There are certain films which seem like they have been tailor made with the sole purpose to garner awards (Oscar bait if you like); some examples of these include The King's Speech, A Beautiful Mind, Shakespeare In Love and The English Patient. Then there are those that attract industry recognition but go down the indie route, often resulting in something more organic and natural in comparison. Recent examples include Whiplash, Boyhood and also 1997's Good Will Hunting. Room undoubtedly belongs to the latter category, although it's a mystery how it only managed to win one Academy Award - although undoubtedly deserved for an astonishing performance from Brie Larson - without any appreciation for young Jacob Tremblay? It's bewildering as without the strong emotional chemistry between Larson and Tremblay, the film would simply not be what it is. However, I don't really regard the Academy as a true indicator of a film's perceived quality, and Room has achieved plenty of deserved acknowledgement elsewhere in the supposedly less prestigious and/or less renowned accolades.
Loosely inspired by true events, Room is a perfect example of when direction, script and acting come together in perfect unison. Adapted from her own novel, Emma Donahue's screenplay is fantastic in the way it portrays how the most unimaginable of scenarios serve to create an unbreakable bond between a mother and her child, and later how external forces conspire to threaten that bond. Aside from both films/novels having a dark subject matter, there are also some similarities with Gillian Flynn's Gone Girl in how the over bearing influence of mass media coverage can impact upon characters. Where some films might end, Donahue's script is refreshing in that it takes its time to patiently explore the aftermath of a prolonged nightmare.
Irish director Lenny Abrahamson's direction is pitch perfect; especially in the first half of the film where the narrative switches seamlessly between optimism and despair, and colour scheme is applied to great effect in emphasising character perception during scenes alternating between warmth and bleakness. During a moment in the movie that arrives at a critical point in the plot, Abrahamson skilfully balances the nerve jangling severity of the situation, whilst simultaneously imbuing the scene with a real sense of wonder from the perspective of Tremblay's five year old Jack. For the young boy, whose existence has revolved around "room" since his birth, it's the equivalent of travelling into space. Kudos must also go to Stephen Rennicks haunting yet uplifting, piano driven score.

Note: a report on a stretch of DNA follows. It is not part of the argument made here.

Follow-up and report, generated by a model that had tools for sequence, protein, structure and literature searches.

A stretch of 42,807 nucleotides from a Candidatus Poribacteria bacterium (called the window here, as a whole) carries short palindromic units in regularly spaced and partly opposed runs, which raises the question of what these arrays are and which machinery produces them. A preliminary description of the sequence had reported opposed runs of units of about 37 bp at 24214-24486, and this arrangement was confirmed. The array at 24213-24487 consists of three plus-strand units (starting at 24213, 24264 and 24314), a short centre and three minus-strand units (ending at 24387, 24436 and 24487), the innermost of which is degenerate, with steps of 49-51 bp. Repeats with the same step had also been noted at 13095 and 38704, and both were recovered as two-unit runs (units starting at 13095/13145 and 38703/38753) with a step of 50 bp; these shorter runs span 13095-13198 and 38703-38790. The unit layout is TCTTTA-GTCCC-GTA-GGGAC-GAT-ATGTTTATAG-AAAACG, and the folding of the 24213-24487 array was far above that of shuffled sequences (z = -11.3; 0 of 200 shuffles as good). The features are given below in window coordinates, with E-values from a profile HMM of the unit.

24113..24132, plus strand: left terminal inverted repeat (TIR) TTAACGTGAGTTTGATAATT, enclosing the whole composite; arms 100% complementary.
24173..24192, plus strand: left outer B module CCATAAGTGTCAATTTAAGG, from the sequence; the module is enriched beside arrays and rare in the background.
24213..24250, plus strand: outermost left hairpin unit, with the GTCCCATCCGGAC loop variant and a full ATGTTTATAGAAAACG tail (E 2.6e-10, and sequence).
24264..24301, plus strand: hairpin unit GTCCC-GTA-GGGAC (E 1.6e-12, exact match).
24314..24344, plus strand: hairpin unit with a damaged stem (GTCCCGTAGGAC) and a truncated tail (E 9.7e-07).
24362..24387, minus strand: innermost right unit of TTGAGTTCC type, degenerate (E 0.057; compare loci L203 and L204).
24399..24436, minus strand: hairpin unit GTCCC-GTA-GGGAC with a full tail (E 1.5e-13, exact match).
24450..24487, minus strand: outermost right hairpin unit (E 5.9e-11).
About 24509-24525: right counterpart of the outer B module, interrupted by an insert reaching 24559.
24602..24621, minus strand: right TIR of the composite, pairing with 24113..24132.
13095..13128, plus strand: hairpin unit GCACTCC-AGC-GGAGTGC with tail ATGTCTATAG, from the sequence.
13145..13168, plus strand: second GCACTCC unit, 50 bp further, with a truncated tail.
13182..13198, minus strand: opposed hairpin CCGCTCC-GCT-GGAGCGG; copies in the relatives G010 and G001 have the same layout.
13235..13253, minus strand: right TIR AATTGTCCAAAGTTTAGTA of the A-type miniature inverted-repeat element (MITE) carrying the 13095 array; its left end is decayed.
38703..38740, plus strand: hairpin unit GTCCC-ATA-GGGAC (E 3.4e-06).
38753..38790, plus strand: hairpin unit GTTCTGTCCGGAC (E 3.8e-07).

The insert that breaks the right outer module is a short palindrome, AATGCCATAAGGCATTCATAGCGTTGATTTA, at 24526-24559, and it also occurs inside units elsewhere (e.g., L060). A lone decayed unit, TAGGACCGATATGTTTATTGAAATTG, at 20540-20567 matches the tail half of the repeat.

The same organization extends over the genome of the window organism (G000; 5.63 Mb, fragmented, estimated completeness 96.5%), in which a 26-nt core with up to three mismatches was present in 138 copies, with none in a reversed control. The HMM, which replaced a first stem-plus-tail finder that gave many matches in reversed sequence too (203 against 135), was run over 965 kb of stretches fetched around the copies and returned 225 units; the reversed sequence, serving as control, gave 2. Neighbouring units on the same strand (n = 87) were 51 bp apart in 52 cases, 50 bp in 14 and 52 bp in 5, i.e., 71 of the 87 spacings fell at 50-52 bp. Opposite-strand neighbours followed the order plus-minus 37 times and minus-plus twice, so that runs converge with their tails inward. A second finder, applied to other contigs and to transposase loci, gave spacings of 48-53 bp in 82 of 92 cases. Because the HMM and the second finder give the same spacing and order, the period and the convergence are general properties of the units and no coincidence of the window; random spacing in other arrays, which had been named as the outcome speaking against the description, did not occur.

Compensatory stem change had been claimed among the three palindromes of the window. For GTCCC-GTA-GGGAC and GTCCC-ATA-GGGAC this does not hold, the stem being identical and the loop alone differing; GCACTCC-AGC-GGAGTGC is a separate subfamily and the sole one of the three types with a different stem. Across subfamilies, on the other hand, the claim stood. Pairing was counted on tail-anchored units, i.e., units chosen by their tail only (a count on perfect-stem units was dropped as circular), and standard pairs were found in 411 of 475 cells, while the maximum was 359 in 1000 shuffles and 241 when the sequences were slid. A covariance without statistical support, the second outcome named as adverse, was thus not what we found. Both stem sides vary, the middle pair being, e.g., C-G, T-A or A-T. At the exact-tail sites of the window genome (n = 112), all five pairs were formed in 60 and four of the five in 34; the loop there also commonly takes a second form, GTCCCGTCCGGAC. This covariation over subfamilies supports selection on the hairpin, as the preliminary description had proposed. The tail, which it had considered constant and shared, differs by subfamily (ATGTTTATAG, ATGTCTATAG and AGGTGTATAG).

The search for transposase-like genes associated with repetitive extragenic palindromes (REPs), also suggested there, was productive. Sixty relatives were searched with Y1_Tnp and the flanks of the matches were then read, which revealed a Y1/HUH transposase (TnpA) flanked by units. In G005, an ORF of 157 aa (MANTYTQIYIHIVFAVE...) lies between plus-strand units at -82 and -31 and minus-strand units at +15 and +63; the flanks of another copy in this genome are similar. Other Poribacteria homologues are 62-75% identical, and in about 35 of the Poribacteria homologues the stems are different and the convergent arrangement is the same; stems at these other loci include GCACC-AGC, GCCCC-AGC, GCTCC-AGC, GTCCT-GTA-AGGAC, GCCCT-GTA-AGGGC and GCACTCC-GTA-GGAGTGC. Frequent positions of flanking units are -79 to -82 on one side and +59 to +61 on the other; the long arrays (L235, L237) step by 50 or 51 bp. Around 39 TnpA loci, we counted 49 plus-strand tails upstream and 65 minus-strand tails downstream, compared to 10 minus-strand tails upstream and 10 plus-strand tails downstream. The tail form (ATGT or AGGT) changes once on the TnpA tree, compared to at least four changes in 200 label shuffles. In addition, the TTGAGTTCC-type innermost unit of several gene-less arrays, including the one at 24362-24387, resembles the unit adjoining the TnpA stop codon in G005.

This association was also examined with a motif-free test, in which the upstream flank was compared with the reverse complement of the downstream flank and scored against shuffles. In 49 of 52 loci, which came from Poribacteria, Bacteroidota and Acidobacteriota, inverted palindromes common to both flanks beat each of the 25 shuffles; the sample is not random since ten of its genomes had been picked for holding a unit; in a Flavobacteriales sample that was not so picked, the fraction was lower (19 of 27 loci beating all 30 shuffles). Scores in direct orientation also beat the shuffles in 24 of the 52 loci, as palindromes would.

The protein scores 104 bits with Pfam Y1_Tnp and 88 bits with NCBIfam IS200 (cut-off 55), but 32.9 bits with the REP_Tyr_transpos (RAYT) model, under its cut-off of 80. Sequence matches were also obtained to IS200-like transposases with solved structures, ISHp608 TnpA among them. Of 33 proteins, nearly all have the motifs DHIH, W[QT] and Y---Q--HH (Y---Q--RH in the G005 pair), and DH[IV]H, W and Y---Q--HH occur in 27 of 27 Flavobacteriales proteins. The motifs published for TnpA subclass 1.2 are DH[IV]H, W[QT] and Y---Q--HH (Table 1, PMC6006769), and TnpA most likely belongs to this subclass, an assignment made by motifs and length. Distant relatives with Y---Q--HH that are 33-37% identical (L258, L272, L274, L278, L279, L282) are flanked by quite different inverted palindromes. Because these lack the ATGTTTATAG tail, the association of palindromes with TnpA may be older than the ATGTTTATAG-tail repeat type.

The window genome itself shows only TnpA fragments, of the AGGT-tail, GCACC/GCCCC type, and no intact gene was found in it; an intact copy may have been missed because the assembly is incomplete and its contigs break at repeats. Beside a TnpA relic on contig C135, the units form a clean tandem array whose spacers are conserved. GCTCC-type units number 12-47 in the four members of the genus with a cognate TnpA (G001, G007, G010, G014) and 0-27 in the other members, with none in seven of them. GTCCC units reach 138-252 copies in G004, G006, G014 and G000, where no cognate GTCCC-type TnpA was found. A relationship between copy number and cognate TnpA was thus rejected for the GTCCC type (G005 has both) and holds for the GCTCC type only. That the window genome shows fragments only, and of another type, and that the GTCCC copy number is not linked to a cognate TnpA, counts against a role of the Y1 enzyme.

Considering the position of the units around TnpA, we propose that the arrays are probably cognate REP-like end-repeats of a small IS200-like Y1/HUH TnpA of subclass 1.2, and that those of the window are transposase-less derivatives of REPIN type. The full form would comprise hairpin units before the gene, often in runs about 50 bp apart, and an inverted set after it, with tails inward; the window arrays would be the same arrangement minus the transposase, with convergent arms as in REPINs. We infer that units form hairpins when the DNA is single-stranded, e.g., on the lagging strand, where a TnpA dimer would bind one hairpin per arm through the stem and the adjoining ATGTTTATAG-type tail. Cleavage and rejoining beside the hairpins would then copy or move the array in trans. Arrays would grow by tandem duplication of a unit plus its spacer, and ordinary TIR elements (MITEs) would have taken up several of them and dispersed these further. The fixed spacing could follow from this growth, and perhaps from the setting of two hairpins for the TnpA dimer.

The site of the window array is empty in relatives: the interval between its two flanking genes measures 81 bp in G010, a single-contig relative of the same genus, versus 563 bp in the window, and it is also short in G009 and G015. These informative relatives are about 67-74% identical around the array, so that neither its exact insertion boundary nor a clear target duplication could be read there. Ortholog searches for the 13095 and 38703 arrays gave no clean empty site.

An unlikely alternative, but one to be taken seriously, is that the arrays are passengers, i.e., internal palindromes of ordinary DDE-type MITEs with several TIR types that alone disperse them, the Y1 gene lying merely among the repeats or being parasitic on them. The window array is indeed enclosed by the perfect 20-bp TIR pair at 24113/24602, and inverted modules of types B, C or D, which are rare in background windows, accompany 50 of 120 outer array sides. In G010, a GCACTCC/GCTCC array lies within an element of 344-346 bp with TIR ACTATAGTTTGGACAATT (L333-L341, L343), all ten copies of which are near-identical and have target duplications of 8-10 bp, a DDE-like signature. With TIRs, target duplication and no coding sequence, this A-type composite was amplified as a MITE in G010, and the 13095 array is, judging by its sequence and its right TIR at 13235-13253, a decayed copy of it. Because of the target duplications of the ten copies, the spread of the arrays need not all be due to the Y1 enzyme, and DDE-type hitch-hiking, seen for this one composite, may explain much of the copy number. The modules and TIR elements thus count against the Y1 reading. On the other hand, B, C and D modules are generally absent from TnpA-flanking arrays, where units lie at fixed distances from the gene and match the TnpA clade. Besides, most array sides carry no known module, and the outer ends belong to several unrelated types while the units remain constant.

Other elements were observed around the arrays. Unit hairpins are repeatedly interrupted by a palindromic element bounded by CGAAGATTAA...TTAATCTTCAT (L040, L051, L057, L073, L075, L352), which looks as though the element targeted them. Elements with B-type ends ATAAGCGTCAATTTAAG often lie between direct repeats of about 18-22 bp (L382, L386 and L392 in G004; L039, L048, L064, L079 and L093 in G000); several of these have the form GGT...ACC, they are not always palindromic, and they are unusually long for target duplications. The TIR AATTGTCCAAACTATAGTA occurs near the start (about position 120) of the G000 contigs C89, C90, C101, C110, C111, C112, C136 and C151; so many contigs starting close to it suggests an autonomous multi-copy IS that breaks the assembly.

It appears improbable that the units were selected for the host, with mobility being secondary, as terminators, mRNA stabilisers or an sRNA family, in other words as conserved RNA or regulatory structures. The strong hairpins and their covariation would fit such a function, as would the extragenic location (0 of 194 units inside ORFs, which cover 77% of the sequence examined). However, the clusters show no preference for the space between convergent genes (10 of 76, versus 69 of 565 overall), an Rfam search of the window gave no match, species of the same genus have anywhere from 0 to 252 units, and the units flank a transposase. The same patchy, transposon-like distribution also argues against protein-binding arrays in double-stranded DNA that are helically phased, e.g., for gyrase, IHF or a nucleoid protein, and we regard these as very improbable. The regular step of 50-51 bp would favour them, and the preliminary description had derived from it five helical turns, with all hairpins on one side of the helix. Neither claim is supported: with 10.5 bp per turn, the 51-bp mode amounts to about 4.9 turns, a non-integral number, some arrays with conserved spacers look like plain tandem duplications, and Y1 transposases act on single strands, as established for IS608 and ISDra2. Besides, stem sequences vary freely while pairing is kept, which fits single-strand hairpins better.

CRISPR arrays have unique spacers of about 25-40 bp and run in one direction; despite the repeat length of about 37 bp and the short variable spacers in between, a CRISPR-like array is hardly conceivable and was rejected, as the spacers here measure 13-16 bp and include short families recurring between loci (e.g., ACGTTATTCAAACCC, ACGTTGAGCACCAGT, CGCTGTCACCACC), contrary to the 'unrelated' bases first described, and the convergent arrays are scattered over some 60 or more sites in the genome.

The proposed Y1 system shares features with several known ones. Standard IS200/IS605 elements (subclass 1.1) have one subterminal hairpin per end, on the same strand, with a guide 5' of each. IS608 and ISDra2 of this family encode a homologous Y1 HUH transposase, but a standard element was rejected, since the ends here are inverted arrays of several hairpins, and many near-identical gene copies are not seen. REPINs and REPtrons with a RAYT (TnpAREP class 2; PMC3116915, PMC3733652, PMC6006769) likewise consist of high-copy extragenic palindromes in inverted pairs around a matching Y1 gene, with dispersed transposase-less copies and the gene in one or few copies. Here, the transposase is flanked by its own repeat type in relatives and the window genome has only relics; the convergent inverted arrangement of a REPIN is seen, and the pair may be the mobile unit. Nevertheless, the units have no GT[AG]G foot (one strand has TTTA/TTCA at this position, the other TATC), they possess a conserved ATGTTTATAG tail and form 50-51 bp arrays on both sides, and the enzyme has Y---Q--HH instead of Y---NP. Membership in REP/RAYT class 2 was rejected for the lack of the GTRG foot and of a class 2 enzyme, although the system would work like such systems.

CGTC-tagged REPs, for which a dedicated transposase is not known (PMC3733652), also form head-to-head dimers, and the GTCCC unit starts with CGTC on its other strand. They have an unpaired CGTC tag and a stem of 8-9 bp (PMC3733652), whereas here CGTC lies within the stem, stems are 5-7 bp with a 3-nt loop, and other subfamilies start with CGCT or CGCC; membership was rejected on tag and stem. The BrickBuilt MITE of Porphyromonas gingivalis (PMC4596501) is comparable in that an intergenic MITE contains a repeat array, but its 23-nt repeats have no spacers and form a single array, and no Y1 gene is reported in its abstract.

As Ma, Brie Larson rightly swept the board on the awards front, quite literally running through the gamut of human emotions over the course of the film. Room is a proper breakout role for the actress - I had previously associated Larson with less dramatic roles, as the only other film of hers I had seen prior to Room was 21 Jump Street, and her small role in Scott Pilgrim Vs The World. However, equally captivating is Jacob Tremblay: a true revelation giving a performance that belies his tender years, and refreshingly "un-Hollywood." As Jack, Tremblay's voiceover narration provides much of Room's highlights - approaching every scenario with a unique perspective that can only come from a child's innocent view of the world. It's a real tug of the heart strings when Ma tells Jack some home truths; there is so much that he cannot comprehend, yet he knows enough to be afraid and go into denial mode. Here's hoping that Tremblay can have a long and fruitful career. In a supporting role, Joan Allen gives a tender performance as Jack's grandmother, with only William H Macy being slightly under utilised.
Every once in a while, a film will come along that will reach into your heart, tear it apart from the inside, before slowly re-building it piece by piece. Room is that sort of film. It's also the sort of film that says there are ways to find hope and optimism when all seems lost, even when things are as bad as they seem - imagine if David Fincher and Frank Capra had combined to make a movie. Forget about 2016's roster of disappointingly mediocre blockbusters, I implore any self respecting film lovers to make room for Room.
P.s. On a final note, if you have yet to learn much about this film, please avoid the trailers!